Ethnic dolls highlight Vietnamese multiculture
An artist has created a collection of dolls dressed in the traditional clothes of 54 ethnic groups with the hope of introducing Vietnam's multiculture to the world.
|Artist Nguyen Hoang Anh has created a collection of dolls dressed in the traditional clothes of 54 ethnic groups in Vietnam. VNS Photo Bao Hoa|
The idea of making the collection came by chance after artist Nguyen Hoang Anh travelled to the northern provinces to find inspirations for his paintings.
“At first, I didn’t intend to make the dolls like I am now. But I am an artist, so I usually travel to villages in the northern mountainous province,” Anh said.
“My purpose initially was just taking photographs and sketching, but then I had a chance to learn more about the ethnic costumes, so I started to think of miniaturizing the clothes to fit the dolls.”
He put more effort and time into making the doll collection after seeing that many dolls in the souvenir stalls were ignored by tourists.
“Instead of dolls covered in dust and piled up on shelves, I want tourists to be attracted to Vietnamese dolls, which carry the traditional spirit of our country, when they visit souvenir shops,” Anh said.
|Artist Nguyen Hoang Anh's dolls can amaze anyone at first sight because of their brightly coloured outfits and dazzling jewels. VNS Photo Bao Hoa|
His dolls amaze anyone at first sight due to their brightly coloured outfits and dazzling jewels.
Anh spent more than two years travelling around northern mountainous villages and researching ethnic costumes and cultures. He saw that each ethnic group had its own cultural characteristics and enthusiastically studied them.
To make a delicate doll, the artist follows many stages. Firstly, he must know the design and fabric of each ethnic costume. Then he makes a composite of the dolls. After that, he shapes and makes up their faces following ethnic characteristics. Crafting their clothes and accompanying accessories such as hats or earrings are the final step. It takes around four to six hours to finish one doll.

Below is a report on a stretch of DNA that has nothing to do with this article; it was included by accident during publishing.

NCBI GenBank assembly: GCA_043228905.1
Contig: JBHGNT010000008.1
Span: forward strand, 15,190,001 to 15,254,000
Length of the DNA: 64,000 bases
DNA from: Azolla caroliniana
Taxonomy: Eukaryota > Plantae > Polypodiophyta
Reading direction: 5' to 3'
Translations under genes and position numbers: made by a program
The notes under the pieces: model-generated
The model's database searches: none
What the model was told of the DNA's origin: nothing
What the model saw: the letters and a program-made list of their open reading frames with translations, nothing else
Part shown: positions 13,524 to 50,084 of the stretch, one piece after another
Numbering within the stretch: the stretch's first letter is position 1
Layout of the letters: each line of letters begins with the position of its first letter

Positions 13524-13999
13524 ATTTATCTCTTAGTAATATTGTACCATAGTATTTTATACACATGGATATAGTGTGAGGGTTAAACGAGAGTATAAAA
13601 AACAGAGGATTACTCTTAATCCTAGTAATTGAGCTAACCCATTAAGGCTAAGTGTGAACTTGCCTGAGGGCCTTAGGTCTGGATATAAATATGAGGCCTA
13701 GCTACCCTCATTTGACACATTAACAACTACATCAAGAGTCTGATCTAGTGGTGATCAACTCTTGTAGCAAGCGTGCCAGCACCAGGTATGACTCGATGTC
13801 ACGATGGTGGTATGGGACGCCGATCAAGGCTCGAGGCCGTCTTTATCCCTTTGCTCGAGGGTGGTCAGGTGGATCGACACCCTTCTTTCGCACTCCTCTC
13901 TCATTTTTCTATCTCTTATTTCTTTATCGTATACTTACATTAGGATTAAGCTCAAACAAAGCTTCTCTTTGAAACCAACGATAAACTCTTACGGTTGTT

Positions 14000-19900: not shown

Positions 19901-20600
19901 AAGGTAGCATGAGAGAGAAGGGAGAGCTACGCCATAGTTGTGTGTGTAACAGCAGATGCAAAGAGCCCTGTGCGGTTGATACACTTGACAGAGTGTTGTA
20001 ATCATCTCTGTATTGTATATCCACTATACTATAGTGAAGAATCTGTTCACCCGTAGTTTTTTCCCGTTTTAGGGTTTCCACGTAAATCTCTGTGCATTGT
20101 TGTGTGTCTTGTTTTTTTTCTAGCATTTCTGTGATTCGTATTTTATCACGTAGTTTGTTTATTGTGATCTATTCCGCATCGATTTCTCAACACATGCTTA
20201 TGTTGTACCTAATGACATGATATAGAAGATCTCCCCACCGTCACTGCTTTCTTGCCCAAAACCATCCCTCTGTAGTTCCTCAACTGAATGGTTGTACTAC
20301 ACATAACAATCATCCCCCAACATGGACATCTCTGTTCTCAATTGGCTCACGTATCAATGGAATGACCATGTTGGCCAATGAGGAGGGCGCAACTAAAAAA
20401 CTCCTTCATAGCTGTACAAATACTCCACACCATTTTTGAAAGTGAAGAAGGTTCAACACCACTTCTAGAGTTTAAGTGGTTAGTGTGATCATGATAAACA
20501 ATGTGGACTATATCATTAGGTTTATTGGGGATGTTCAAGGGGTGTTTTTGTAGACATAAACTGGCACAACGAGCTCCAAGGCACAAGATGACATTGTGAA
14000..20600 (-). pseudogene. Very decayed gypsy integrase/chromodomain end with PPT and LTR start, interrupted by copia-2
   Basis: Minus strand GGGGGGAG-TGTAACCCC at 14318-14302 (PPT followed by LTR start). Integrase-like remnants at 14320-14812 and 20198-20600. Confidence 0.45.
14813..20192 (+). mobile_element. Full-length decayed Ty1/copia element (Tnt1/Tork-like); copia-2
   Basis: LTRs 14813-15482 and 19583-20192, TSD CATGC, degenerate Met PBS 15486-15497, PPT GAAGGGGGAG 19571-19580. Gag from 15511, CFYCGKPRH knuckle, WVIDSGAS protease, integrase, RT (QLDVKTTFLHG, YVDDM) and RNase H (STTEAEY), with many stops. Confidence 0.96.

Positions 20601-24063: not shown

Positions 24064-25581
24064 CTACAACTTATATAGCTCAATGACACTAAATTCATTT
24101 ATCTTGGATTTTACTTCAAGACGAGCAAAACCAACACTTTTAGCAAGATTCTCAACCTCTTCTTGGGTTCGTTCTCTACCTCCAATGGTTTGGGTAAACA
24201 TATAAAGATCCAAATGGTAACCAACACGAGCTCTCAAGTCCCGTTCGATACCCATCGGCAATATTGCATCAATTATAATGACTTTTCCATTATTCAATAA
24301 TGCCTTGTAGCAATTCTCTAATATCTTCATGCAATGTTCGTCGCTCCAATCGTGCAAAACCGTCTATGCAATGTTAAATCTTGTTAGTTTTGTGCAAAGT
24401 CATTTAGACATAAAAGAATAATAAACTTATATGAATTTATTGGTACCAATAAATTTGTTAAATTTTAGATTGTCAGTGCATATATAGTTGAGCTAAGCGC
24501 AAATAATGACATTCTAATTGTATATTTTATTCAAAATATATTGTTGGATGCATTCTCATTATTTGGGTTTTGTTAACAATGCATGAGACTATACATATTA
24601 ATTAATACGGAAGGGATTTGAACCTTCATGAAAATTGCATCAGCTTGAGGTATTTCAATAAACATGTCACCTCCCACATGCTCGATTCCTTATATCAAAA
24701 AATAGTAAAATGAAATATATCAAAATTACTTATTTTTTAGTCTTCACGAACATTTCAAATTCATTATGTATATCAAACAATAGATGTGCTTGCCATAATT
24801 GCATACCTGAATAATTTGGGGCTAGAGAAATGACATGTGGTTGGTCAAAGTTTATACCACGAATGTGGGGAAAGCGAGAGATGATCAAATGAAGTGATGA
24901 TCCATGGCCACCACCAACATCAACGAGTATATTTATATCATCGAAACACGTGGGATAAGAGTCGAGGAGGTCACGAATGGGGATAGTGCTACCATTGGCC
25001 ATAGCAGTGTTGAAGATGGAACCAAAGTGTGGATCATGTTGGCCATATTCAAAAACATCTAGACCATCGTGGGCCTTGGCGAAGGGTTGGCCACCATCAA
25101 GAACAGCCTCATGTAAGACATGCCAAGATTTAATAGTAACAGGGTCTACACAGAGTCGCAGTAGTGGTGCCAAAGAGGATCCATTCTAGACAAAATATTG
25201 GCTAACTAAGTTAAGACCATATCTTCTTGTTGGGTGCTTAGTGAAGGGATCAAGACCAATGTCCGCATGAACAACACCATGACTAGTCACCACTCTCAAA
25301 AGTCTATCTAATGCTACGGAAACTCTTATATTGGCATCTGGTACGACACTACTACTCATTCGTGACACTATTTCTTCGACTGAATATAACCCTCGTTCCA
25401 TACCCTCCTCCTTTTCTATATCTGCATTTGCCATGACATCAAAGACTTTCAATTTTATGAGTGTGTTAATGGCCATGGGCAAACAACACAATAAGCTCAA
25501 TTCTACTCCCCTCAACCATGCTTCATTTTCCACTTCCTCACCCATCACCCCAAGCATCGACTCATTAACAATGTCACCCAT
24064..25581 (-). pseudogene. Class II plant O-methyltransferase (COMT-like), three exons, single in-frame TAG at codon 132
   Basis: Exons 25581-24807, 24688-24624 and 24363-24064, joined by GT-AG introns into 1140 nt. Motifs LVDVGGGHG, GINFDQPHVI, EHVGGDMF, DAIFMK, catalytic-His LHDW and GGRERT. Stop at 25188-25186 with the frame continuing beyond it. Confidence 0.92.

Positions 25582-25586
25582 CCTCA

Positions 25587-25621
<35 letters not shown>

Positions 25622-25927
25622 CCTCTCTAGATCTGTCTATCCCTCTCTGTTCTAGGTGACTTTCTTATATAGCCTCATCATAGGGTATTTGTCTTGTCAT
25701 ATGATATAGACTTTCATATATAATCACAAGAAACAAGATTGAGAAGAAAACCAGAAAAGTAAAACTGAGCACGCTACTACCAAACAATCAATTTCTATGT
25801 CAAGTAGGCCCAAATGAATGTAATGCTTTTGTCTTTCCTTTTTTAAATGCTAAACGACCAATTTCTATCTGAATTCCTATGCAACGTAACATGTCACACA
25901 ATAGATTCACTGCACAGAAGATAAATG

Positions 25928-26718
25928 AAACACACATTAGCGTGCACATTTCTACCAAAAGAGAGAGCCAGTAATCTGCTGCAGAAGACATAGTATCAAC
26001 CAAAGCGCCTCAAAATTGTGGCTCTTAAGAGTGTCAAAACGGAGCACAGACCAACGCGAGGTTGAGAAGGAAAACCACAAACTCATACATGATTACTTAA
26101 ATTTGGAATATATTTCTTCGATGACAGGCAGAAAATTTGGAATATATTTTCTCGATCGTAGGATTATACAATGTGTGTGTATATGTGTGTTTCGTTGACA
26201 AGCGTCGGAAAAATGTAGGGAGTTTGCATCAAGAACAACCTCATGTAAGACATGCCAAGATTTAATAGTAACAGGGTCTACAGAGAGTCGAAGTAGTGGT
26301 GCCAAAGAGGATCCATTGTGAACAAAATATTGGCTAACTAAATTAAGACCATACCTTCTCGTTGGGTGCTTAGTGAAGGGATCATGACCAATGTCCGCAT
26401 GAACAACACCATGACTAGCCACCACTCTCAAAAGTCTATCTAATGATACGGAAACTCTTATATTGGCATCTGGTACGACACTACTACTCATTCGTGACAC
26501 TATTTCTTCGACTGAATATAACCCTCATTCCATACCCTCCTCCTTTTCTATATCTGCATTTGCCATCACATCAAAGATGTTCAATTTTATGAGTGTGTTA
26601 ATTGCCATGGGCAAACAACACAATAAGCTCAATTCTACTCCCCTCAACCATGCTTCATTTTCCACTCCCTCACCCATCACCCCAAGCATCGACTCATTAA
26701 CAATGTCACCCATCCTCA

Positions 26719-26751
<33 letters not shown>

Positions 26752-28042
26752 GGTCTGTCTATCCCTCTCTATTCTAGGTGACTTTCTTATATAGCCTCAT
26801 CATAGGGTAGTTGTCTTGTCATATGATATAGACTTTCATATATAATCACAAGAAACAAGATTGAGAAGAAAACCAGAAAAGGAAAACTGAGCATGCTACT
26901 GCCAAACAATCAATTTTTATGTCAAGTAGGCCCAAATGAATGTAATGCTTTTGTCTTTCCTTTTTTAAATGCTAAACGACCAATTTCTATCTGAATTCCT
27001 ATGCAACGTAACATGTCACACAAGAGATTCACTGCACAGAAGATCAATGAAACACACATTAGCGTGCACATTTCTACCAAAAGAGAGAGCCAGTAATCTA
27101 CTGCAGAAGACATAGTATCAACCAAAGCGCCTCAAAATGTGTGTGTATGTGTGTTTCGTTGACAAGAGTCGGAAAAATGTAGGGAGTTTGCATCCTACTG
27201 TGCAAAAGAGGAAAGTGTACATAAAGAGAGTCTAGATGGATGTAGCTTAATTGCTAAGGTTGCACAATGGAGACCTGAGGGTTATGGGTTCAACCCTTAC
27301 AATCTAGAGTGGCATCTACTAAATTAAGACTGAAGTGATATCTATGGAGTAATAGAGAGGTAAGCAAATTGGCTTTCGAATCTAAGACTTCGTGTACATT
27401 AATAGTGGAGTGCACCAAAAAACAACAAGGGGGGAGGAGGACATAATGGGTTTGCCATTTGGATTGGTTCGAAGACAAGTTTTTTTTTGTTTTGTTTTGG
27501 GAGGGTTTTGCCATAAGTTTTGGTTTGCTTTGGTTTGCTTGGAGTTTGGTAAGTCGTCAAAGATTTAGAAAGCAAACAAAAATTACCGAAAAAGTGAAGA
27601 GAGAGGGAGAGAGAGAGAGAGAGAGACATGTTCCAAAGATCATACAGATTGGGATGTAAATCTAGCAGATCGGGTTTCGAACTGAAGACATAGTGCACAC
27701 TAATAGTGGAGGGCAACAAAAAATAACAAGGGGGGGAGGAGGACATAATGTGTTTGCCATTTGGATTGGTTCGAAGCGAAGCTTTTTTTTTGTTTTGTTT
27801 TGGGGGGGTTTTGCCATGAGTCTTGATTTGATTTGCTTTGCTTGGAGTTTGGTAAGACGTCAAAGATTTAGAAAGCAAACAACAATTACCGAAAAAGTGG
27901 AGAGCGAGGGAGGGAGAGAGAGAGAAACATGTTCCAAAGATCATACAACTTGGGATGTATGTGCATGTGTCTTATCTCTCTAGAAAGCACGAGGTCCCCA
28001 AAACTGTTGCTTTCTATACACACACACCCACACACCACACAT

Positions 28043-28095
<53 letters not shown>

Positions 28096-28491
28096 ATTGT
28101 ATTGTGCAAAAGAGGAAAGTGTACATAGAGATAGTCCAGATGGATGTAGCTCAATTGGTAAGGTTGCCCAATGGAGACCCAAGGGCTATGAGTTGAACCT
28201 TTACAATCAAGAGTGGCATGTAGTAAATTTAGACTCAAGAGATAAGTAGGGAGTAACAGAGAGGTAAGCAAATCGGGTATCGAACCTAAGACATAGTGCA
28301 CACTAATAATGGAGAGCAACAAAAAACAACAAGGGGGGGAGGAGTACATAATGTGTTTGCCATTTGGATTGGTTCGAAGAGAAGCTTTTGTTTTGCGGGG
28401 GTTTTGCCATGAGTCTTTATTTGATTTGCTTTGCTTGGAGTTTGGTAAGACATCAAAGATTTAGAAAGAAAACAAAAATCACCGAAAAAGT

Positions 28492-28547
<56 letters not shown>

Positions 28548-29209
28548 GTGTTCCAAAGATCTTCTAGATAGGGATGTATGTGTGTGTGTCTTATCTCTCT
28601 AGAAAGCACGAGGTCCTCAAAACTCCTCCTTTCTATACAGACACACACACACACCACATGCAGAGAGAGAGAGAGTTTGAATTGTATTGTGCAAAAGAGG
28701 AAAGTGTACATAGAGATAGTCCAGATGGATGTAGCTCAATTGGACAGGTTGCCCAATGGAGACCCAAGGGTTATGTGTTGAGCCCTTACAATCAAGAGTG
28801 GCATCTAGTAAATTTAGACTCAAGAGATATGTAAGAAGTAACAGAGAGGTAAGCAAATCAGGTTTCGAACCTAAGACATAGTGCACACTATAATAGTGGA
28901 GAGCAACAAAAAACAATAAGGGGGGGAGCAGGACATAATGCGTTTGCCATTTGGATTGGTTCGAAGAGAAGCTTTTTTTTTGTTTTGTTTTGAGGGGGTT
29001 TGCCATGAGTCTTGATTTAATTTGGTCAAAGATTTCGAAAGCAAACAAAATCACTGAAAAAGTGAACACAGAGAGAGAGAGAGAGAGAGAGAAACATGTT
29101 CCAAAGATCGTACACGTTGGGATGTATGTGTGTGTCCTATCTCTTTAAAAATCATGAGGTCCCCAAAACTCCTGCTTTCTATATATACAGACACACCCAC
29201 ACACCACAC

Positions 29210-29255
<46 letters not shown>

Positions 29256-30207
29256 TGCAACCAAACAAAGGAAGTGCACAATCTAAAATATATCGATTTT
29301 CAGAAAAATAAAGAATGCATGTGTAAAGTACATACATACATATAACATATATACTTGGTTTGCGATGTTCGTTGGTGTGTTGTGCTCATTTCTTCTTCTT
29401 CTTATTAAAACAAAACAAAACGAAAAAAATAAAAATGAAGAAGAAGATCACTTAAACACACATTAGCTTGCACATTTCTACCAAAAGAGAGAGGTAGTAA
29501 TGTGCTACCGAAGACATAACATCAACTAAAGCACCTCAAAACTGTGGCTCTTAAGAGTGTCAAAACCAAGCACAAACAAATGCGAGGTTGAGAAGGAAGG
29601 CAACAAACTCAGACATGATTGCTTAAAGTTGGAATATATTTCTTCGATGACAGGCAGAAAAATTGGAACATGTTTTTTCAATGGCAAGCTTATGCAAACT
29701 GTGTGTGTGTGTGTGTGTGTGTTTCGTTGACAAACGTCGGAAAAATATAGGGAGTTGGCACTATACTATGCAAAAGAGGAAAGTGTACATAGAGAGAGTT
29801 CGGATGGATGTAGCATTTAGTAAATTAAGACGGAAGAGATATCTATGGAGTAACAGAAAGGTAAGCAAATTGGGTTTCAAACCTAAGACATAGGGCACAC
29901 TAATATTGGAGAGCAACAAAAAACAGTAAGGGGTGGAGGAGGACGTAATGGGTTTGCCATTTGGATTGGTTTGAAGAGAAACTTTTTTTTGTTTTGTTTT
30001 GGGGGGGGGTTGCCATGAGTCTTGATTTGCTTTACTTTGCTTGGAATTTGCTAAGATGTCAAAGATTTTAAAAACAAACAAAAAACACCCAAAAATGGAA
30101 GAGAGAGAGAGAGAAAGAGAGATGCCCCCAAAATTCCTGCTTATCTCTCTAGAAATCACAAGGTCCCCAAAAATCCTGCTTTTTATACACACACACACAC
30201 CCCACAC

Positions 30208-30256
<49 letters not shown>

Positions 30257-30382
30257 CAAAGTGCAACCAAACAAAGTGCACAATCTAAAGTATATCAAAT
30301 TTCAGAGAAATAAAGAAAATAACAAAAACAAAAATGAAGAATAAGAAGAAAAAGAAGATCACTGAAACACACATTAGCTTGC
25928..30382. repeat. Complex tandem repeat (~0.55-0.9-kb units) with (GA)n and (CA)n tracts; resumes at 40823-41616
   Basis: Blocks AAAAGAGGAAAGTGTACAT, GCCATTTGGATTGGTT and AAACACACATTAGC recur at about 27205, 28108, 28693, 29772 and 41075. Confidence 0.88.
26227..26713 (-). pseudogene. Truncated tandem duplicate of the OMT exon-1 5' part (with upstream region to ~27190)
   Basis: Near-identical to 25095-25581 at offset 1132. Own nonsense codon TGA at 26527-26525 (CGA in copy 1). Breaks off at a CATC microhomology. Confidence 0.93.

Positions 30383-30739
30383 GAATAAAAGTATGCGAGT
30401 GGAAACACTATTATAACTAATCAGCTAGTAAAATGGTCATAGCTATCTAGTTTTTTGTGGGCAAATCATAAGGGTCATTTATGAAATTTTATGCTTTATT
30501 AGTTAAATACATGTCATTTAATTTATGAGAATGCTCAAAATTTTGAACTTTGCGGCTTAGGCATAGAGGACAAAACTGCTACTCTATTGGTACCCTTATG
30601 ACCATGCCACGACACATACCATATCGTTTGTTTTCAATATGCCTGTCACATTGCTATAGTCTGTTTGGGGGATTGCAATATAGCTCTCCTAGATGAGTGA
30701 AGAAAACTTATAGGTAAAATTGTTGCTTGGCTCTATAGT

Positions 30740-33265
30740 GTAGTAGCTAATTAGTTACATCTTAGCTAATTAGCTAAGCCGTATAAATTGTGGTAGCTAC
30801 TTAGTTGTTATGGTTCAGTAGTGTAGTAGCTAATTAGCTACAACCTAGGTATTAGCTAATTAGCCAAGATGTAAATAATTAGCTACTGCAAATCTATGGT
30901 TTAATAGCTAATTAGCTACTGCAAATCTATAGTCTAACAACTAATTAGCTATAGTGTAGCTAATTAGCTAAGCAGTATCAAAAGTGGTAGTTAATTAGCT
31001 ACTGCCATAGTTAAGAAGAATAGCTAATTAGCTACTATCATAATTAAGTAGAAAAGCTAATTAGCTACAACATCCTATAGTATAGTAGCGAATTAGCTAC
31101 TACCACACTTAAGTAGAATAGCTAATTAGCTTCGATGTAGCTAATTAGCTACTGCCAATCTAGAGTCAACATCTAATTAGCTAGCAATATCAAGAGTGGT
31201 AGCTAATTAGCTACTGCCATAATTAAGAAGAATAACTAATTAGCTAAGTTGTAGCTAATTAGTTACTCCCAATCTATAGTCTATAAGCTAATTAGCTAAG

|It takes artist Nguyen Hoang Anh four to six hours to finish one doll. VNS Photo Minh Phuong|
“Each ethnic group living in our country has its own cultural characteristics and the culture also shows in their traditional costumes,” Anh said.
“For example, the Thai costume always has rhombus patterns; Mong clothes always have flower details; and the Dao costume elaborates the concept of the universe and community life using patterns, so they always have mountain or deer patterns.
|The Dao ethnic costume always elaborates the concept of the universe and the community's life using patterns. VNS Photo Minh Phuong|
“The costume of the Si La people also has a story behind it. There are differences in the design, hair and make-up between married women’s clothes and young women in their twenties.
“The more I research ethnic costumes the more I feel the urge to learn and know more about them. If we don’t deeply understand the culture and tradition of each ethnic group, we will not be able to create the soul of each product.”
After two years, he now has 100 traditional Vietnamese miniature creations in his collection. Some of them are displayed on his small apartment’s shelves and some sold in souvenir shops at airports.
“Many tourists order my dolls as souvenirs for their friends after they spend time in Vietnam. It is an honour that my efforts are now recognised by international friends,” Anh said.
Currently, he designs dolls in two sizes, 25cm and 35cm high. He has created 45 out of 54 ethnic groups' costumes so far. However, the total number of designs will be 60 sets, as each ethnic group is divided into several different branches.
Anh plans to develop his doll collection to both represent Vietnamese multiculture and history, as well as to attract more foreign tourists.
“Foreign tourists tend to research the patterns, details, and materials before they buy the dolls," he said. "So I need to understand more clearly about the cultural value of the outfits I make.”
Anh said that his dolls were not just souvenirs, but a bridge to connect foreign visitors with Vietnamese culture.
“I hope that these dolls with Vietnamese spirit will help introduce our country’s culture to more international friends.”
Source: Vietnam News
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